Now that Osama Bin Laden is dead, the government can focus its time and vast resources on capturing a new breed of dangerous criminal: anyone who streams copyrighted material on the Internet. That’s right, lock your doors because these dangerous madmen are walking amongst us – but not for long, if new legislation sponsored by Senators Amy Klobuchar (D-MN) and John Cornyn (R-TX) makes it into law. Under that proposal, nefarious online streamers would be hit with felony charges and could face up to five years in prison.
Hyperbolic joking aside (at least for a moment), the text of new bill S. 978 would amend current copyright infringement laws so that online streaming of copyrighted material would join “distributing” and “reproducing” as felony offenses. Currently, streaming is considered “public performance” and has been exempt from prosecution.
Website Ars Technica has received a copy of the proposal. Here’s the breakdown. If S. 978 passes into law, online streamers who do the following could face up to five years in prison and a hefty fine if their violations meet the following criteria:
• They show 10 or more "public performances" by electronic means in any 180-day period and
• The total retail value of those performances tops $2,500 or the cost of licensing such performances is greater than $5,000
While no one knows any of the fine details of the new Bill, it would seem to be aimed primarily at people who go on websites like Justin.TV and stream television shows and sporting events to viewers around the globe. However, many wonder what this will mean for sites like YouTube, where viewers upload favorite clips from movies, television shows, music, and sporting events for others to see and enjoy. Will those copyrighted materials also be part of the law should it pass? (Though it's important to note that YouTube has gone to great lengths to protect themselves and their videos.) What about websites (like this one) where we post clips? Could the Feds come barging into our houses at 3 AM with their guns drawn to bust us for copyright infringement? These are the questions that need answers.
Naturally, the MPAA and theater owners are all for this – and the MPAA has their lobbyists in the Capital to help push the bill along. In a statement, The MPAA’s Government Affairs head Michael O’Leary praises Senators Klobuchar and Cornyn, stating “criminals are stealing, trafficking, and profiting off the investment that our workers devote to creating the quality films and TV shows that entertain a worldwide audience and bolster the American economy... We thank Senators Klobuchar and Cornyn for introducing this important legislation to standardize the legal treatment of online content theft and helping ensure that federal law keeps pace with the changing face of criminal activity."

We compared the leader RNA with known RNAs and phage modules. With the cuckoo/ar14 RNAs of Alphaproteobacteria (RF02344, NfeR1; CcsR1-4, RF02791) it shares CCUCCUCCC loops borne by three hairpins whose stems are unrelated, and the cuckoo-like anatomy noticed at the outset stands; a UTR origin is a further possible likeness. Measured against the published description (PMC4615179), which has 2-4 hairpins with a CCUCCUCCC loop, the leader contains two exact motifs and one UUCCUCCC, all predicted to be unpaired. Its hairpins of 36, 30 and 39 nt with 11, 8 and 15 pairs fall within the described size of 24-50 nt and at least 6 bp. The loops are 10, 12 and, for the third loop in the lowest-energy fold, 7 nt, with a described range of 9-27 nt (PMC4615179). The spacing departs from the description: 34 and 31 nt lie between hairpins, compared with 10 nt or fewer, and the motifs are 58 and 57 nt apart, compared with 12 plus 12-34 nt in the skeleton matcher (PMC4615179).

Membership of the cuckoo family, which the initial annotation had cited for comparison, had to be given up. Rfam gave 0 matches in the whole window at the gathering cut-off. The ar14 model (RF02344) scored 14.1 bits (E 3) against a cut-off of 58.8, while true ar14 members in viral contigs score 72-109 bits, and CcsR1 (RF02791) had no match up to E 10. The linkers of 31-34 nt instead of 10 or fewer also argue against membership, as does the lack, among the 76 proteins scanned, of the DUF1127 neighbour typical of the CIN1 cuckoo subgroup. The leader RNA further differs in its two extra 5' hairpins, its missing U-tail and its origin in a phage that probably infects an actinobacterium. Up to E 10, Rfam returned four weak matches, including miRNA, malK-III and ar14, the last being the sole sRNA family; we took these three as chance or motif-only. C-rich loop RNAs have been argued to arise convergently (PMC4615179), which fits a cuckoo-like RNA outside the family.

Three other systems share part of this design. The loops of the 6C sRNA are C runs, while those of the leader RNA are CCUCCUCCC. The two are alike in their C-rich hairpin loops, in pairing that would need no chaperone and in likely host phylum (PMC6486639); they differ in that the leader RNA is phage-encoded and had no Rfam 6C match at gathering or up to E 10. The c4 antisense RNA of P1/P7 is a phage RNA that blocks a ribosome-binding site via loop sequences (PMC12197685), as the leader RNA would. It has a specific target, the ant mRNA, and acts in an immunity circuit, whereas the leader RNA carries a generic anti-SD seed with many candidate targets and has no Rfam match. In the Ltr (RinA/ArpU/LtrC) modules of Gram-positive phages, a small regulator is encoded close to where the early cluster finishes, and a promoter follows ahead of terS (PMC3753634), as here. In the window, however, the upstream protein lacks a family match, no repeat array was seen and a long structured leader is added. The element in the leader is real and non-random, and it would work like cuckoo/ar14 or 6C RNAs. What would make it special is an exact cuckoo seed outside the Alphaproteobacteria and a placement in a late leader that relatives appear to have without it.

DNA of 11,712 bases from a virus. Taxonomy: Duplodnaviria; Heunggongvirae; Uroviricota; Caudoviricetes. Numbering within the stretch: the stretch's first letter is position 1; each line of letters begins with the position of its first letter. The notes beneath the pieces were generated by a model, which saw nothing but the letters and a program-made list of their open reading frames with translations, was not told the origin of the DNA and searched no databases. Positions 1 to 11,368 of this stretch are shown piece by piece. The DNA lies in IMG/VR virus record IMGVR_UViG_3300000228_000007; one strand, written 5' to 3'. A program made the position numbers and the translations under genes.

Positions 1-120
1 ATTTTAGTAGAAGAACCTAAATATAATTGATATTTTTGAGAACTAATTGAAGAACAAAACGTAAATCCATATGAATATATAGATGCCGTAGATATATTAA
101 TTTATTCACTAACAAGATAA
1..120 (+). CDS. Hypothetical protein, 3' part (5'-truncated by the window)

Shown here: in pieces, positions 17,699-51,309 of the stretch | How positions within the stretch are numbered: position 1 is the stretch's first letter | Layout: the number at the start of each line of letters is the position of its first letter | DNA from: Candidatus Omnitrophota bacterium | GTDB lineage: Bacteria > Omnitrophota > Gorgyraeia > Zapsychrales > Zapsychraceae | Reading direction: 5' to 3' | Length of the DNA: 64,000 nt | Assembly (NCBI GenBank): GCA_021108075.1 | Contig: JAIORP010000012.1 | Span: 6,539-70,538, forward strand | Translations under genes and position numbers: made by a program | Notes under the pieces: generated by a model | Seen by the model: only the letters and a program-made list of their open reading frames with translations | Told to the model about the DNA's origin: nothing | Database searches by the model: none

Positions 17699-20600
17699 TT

We do not condone the theft of films, music, videogames or any other copyrighted material, but this legislation seems a bit broad and far-reaching. It’s particularly hilarious to hear O’Leary praise the government for “keeping pace with the changing face of criminal activity.” The only people more behind the federal government when it comes to keeping pace with online theft are the movie and music industry and the guys in charge of Sony’s Playstation Network. Yet again, the MPAA demonstrates that it’s stuck in the past – and if S. 978 were to somehow become law, it will succeed in doing little to curb Internet piracy. Casual users with little tech knowledge will get busted while the big-time pirates will simply find new ways to circumnavigate the system – kinda like the movie and music industry’s attempts to bust big-time torrenters. Of course, if they can strong-arm grandmothers in the midwest into settling for thousands of dollars to avoid litigation because little Susie came over and downloaded the new Lady Gaga album, then maybe they can work their mojo here too.
What the MPAA and RIAA and every other AA out there outside of Alcoholics Anonymous doesn’t seem to get is that the horse has already left the barn – and he’s running wild three counties over. Internet piracy is a Pandora ’s Box that’s been open since everyone discovered Napster. It’s unlikely it will ever be closed. Rather than try to legislate and criminalize people’s online behavior, these industries would be better served by trying to come up with ways to deliver this content to the masses at an affordable price (and no, $30 for a PPV version of a movie still in the theaters is not affordable…) and in a convenient manner. Online entertainment isn’t the way of the future – it’s the way of now. Clinging to outdated distribution modes and the old way of thinking about how consumers want their entertainment is what got us all here in the first place. Instead of wasting time and money busting YouTube users for posting copyrighted content, find a way to coerce the public into paying for that content online. It seems to work for Netflix and Hulu.
Instead, we remain convinced that the studios and executives will continue to be myopically shortsighted about these things. Some people will always pirate – it’s inevitable – but legislation like this seems unlikely to change the culture of entitlement that permeates this country. In fact, cynics like myself see it far more likely to encourage people to break the law than toe the line.